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IRS warns of top scams

It’s that time again! Tax season is upon us. What does that mean?

Scammers will come out of the woodwork to steal your employees’ personal and financial information. That’s why the IRS warned about the main frauds these criminals utilise. Share it to raise awareness.

TCOVID-19
Inform employees of an increase in text message frauds. And such texts may mention COVID-19. Other online tools and websites may also be included.

Remind staff that the IRS never texts about personal tax difficulties, invoices, or refunds! Only IRS Secure Access is used. The IRS also won’t contact them via social media.

If they receive one of these messages, tell them to snap a screenshot and email it to [email protected] with the date, time, and time zone.

Finalement, warn them not to click on links or accept attachments in unsolicited text messages from tax agencies.

Phishing emails
The IRS will never contact employees through email to obtain personal or financial information. If the IRS needs personal information, it will usually contact you via standard USPS mail.

If they get an unsolicited email from the IRS or a programme associated with the IRS, they should report it. Ask them to forward the email to [email protected] They can get specific instructions by going to IRS.gov and clicking on “What to do if you get a suspicious IRS-related email.”

Scam calls
Taxes are not collected locally. Remind employees that the IRS will never pre-record an urgent or threatening message.

The agency says scammers frequently leave messages threatening taxpayers with arrest if they don’t call back. They can also appear to be phoning from the IRS, local law enforcement, or anywhere in the US.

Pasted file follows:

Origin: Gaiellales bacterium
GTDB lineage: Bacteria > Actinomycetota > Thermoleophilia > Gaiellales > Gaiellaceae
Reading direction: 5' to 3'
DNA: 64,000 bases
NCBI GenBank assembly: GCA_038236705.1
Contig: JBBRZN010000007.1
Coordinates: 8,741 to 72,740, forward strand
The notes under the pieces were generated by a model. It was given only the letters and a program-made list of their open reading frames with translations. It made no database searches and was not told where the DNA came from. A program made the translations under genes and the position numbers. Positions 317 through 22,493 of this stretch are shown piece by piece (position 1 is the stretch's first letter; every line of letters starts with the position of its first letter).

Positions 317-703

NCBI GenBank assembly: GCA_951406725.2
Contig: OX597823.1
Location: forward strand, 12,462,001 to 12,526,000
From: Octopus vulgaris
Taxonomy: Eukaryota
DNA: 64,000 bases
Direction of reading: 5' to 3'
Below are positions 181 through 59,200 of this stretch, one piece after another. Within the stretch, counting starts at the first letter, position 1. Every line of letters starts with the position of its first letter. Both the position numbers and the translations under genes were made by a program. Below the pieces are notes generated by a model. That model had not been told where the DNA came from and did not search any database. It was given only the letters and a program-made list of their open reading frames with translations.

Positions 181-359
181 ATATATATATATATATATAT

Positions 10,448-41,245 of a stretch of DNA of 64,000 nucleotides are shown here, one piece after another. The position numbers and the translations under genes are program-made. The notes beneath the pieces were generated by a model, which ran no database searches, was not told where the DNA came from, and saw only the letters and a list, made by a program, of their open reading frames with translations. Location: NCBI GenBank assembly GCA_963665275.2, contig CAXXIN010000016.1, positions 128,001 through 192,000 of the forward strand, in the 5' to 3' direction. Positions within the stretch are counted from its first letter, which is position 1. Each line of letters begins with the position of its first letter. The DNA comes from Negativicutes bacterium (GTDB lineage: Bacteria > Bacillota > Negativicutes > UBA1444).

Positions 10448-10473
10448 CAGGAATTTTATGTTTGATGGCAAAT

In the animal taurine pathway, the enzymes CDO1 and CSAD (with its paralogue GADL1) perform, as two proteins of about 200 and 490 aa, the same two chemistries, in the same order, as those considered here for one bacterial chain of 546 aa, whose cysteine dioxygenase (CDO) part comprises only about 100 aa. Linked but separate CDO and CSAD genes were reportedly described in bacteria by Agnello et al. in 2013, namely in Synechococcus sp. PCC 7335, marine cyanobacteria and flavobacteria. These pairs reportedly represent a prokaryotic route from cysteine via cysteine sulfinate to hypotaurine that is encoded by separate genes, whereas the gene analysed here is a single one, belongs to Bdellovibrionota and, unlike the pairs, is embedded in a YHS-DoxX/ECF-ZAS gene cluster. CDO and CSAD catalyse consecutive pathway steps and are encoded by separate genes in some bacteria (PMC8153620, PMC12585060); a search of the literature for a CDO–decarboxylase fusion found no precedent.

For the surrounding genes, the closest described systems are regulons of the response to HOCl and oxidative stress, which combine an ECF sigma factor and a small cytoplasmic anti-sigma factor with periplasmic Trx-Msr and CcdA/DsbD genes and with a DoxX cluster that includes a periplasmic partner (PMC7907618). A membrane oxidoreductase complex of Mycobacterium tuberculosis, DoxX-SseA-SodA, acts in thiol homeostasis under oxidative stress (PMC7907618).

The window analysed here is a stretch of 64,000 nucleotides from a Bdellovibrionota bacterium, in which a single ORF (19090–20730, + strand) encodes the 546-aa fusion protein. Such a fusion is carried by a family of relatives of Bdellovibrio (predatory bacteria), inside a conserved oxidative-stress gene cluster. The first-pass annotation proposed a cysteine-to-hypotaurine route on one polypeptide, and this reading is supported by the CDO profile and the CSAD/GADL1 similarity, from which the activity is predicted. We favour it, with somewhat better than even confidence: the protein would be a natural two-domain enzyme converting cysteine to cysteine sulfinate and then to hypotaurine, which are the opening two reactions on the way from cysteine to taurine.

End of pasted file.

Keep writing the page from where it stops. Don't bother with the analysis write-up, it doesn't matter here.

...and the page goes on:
Don’t give out personal or financial information over the phone if they get one of these calls.

Facts about the IRS. It will never:

use prepaid debit cards, gift cards, or wire transfers for tax payments.
arrest a taxpayer, demand payment without question or appeal, and obtain credit or debit card information over the phone
Tell employees that if they owe the IRS, they will get a bill in the mail asking payment by check made payable to “U.S. Treasury” only. Not using third parties.

Notify a call:

IRS Impersonation Scam Reporting
Notify [email protected] of the caller ID and/or callback number, and report it to the Federal Trade Commission at FTC.gov.
Assist an employee who is confused whether they owe taxes.

To find out what they owe, customers can go to IRS.gov or call 800-829-1040.
Jobless fraud
Since your staff are employed, you won’t have to worry about unemployment fraud this year.

However, if your employees’ spouses or partners are unemployed, it can cause tension.

Just remind them about unclaimed unemployment or other benefits. False jobless claims using stolen identities have skyrocketed.

To report fraud to state workforce agencies, visit the Department of Labor’s website.